In what ways might a short story by Tolstoy or a novel by Toni Morrison illuminate aspects of medicine or disease that a medical textbook can’t? And why might this engage students in the humanities as well as the sciences?
The Humanistic Studies (HUM 302) course “Medical Story-Worlds,” being taught at Princeton for the first time this fall, addresses questions around illness, health and the human body through a wide range of literary texts from all over the world.
Elena Fratto, an assistant professor of Slavic languages and literatures, and Tala Khanmalek, a postdoctoral research associate in the programs in gender and sexuality studies and American studies, are co-teaching the course.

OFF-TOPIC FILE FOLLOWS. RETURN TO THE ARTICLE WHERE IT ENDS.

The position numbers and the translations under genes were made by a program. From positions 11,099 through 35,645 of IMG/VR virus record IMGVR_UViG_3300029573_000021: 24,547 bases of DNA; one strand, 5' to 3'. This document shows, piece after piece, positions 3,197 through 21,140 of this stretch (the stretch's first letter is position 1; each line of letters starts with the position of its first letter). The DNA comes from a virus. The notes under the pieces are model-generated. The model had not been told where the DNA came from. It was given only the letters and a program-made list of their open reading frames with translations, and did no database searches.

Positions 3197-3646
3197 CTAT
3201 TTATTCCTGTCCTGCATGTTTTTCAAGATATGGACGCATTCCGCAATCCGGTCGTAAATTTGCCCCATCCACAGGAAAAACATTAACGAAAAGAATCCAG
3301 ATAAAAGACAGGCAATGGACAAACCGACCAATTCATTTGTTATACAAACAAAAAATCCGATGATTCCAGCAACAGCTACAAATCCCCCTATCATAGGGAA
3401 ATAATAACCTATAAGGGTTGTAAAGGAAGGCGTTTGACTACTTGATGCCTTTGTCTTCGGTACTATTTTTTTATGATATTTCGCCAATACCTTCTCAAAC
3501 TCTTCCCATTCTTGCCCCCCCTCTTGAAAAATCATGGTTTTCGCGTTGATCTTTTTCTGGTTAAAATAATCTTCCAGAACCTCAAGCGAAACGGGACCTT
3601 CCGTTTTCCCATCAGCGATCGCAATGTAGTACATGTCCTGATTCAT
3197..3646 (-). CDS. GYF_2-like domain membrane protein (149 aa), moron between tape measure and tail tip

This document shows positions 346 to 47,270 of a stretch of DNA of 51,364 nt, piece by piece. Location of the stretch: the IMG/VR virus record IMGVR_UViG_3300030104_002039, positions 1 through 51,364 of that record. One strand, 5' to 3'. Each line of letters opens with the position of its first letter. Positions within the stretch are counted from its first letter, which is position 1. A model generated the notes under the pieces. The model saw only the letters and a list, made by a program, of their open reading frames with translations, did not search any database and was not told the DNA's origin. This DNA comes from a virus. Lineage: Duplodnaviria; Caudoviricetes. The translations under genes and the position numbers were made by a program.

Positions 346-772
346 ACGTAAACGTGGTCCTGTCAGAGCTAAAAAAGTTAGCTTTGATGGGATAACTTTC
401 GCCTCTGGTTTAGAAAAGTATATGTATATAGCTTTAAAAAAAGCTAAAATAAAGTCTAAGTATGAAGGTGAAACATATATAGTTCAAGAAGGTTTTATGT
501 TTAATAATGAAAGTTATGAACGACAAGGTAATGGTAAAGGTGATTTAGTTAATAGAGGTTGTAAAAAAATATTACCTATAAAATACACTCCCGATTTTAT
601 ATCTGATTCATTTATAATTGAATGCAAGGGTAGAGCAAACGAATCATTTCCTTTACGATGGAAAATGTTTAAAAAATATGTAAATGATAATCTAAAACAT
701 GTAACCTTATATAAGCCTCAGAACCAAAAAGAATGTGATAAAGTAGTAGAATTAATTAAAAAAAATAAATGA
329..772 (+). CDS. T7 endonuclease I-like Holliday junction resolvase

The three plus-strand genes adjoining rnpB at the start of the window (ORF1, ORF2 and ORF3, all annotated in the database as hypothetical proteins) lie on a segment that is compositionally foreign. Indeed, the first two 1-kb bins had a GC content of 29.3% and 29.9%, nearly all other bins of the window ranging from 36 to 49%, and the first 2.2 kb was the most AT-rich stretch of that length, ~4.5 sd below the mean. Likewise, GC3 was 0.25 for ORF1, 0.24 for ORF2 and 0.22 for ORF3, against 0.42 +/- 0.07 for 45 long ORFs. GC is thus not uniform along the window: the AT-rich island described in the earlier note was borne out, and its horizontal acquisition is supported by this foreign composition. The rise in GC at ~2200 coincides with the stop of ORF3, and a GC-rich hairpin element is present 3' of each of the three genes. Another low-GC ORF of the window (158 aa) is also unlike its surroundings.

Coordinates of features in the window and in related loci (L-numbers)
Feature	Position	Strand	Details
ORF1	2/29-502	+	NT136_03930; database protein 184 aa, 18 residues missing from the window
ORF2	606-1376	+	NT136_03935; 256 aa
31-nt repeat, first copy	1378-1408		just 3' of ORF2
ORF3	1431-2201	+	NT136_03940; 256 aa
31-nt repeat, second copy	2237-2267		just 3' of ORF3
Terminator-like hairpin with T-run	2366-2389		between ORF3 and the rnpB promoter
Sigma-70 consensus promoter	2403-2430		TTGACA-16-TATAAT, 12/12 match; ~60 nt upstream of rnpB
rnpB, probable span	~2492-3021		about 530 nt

“Medical Story-Worlds” is a project funded by the David A. Gardner ’69 Magic Project Grants under the auspices of the Humanities Council. It includes a pedagogical component — the undergraduate course — and a research component called the Bodies of Knowledge Working Group. The group is hosted by Fratto and Khanmalek and is meeting for several events throughout this year, each led by a scholar from another academic institution. “Its purpose is to engage faculty, graduate students, staff and members of the Princeton community in questions around illness, health and the body from a wide range of viewpoints,” Fratto said.